This applies to both active and passive smoking (or exposure to tobacco smoke). And, while the tobacco damage is significant, the benefits of stopping are also far-reaching. 

Smoking cessation reduces your chances of developing and dying from heart disease very quickly. It even works if you stop after 65 or after a heart event like a myocardial infarction. [9].

Having trouble kicking the habit? There are multiple strategies that could help, including nicotine replacement therapy or alternative treatments like acupuncture, black pepper oil, or hypnotherapy. [10], [11], [12]. 

Physical Inactivity & Obesity

A sedentary lifestyle increases your risk of heart disease and boosts other risk factors like obesity, diabetes, and abnormal cholesterol. Adopting an exercise regimen is one of the most efficient ways to prevent CHD – and it has minimal side effects. 

The WHO recommends at least 150 minutes of moderate-intensity aerobic activity or 75 minutes of vigorous-intensity aerobic activity throughout the week to adults over 65. [13] Some of the best workouts to adopt as you age include water aerobics, yoga, and pilates, as well as any bodyweight exercise. Even a long walk makes a significant difference in your heart health – plus, it lowers your risk for a number of other conditions. 

Being overweight also speeds up atherosclerosis and leads to a higher risk of CHD. Maintain a healthy weight through a nutrient-dense diet and exercise to enjoy a healthy, happy heart. 

Abnormal Cholesterol

Not all cholesterol is bad cholesterol. It’s the combination of high LDL cholesterol and low HDL that raises your risk of coronary heart disease. Elevated LDL, in particular, is a major risk factor [14]. 

Your primary care doctor will evaluate your cholesterol levels and might recommend medications to reduce them. Statins are the first-line therapy – and now they’re prescribed based on your heart disease risk, not just on your cholesterol. [15]

In the US, statins are one of the most prescribed medications, but some people are reluctant to take them. Statin opponents cite the minimal benefit to most people (one in ten people taking a stain will experience the perks) and the side effects as reasons to ditch the drug. And, while these are understandable concerns, some people can gain up to six years of life from taking a statin and the unpleasant effects are often due to a nocebo effect (knowing a tablet might hurt you). [16], [17]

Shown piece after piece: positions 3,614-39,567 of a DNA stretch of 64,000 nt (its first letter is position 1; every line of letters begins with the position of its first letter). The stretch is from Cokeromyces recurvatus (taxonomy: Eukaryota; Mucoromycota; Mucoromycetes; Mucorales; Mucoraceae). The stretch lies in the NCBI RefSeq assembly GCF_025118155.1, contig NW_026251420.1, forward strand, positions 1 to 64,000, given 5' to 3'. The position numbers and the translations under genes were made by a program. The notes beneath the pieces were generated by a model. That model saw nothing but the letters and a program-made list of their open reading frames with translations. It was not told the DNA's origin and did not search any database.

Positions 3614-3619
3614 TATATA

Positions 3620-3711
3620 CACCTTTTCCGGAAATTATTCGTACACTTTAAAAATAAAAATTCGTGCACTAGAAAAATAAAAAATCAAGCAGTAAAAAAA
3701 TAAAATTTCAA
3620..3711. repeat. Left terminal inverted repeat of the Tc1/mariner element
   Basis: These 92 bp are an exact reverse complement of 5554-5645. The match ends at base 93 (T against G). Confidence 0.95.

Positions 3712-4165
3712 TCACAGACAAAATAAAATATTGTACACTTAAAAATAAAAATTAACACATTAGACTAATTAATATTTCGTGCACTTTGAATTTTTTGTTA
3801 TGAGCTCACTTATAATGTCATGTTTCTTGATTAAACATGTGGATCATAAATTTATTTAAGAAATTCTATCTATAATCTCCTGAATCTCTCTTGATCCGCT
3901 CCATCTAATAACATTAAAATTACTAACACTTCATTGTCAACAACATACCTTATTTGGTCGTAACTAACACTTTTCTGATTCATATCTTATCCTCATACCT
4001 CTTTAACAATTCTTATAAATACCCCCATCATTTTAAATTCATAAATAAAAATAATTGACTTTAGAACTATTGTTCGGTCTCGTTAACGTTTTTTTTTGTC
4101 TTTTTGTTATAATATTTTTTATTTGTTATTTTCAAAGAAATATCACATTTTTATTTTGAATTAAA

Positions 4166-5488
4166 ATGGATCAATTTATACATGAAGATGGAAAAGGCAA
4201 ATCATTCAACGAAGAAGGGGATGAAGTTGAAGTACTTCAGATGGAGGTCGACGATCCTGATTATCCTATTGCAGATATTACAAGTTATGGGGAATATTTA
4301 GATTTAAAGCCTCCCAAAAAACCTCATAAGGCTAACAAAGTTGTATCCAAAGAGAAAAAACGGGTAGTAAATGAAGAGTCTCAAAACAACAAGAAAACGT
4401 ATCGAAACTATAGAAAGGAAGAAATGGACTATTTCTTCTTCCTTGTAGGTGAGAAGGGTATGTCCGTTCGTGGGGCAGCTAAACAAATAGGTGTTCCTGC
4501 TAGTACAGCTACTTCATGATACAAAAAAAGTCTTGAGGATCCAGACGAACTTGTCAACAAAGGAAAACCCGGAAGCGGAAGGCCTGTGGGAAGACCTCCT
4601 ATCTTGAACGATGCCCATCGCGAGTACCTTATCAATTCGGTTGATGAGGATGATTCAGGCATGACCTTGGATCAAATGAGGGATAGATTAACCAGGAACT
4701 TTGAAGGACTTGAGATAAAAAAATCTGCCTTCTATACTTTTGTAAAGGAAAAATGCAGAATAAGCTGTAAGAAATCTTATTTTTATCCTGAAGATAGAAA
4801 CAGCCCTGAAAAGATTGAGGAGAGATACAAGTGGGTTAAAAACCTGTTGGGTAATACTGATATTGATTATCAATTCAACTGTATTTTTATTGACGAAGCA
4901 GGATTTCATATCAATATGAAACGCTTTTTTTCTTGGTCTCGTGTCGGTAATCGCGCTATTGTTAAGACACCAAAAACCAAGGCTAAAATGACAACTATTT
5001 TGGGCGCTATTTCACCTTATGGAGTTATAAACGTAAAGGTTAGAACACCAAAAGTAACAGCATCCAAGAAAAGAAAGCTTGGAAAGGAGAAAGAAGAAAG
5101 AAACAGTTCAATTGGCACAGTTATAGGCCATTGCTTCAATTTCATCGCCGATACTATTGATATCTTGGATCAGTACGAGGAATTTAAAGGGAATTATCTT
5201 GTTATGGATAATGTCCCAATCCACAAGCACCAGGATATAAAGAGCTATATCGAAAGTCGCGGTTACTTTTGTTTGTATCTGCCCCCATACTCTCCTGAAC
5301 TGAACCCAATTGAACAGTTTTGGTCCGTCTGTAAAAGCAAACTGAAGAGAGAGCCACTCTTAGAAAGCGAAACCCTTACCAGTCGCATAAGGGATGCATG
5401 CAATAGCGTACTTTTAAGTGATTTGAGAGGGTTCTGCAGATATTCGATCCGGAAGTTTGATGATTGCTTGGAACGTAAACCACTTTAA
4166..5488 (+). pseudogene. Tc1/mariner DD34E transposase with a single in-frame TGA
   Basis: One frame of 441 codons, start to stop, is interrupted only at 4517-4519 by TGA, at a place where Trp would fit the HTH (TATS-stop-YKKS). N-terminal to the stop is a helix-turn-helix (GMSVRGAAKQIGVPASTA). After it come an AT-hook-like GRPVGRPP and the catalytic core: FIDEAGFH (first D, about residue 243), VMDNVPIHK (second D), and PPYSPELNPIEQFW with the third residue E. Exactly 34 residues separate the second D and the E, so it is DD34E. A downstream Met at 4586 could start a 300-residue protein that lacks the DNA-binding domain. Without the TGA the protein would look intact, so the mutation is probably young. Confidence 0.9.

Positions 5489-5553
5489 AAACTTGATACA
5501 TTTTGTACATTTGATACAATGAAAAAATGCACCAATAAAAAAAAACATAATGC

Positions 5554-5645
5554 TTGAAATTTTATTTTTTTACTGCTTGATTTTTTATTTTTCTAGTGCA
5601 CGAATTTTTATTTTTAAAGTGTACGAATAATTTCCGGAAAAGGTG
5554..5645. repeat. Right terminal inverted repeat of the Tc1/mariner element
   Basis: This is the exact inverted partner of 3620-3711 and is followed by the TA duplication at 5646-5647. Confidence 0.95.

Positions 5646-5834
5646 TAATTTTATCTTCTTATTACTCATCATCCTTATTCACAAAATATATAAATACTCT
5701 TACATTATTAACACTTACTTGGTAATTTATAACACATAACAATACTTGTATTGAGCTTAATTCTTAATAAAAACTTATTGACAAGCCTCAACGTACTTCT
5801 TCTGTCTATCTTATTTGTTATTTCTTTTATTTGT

Does this mean statins are the one-size-fits-all solution to Coronary Heart Disease? Definitely not. Switching to a plant-centered diet, taking supplements like fish oil or red yeast rice, and increasing physical activity will all lower your LDL cholesterol. But, if you’ve been offered a stain, make sure you read both parts of the statin argument before declining the medication. 

Poor Sleep Quality

One of the little-known risk factors for heart disease is not getting enough quality sleep. Getting less than 6 hours of sleep and sleep disturbance both increase your chances of developing CHD and dying from a heart event. [18]

Even though individual sleep needs vary and change as you age, maintaining a healthy sleep schedule is one of the most heart-healthy things you can do. To improve your sleep quality, reduce electronics before bed, aim to fall asleep and wake up around the same time, and consider calming supplements like melatonin, valerian root, ashwagandha, and Rhodiola. 

Signs, Symptoms, and Complications

Watch out for chest pain, dizziness, and heart palpitations.

CHD is a disease of your blood vessels. How it presents in your system, however, will vary widely. Some people are asymptomatic for years, even though their hearts struggle to get enough oxygen and nutrients. Others can experience sudden cardiac arrest from a ruptured plaque – and this might be the first time the disease shows up. 

Because coronary heart disease has such a wide range of presentations, it’s important to know the warning signs of trouble: 

  • Chest pain, pressure, or discomfort
  • Dizziness
  • Heart palpitations
  • Shortness of breath
  • Tiredness (meaning you can’t do your usual activities)
  • Leg swelling (which is a warning sign of heart failure)

Some of the CHD complications are life-threatening – heart attacks, heart failure, and cardiac arrest being some of them. These usually happen when there is a complete blockage of the artery – or a significant obstruction over a long time.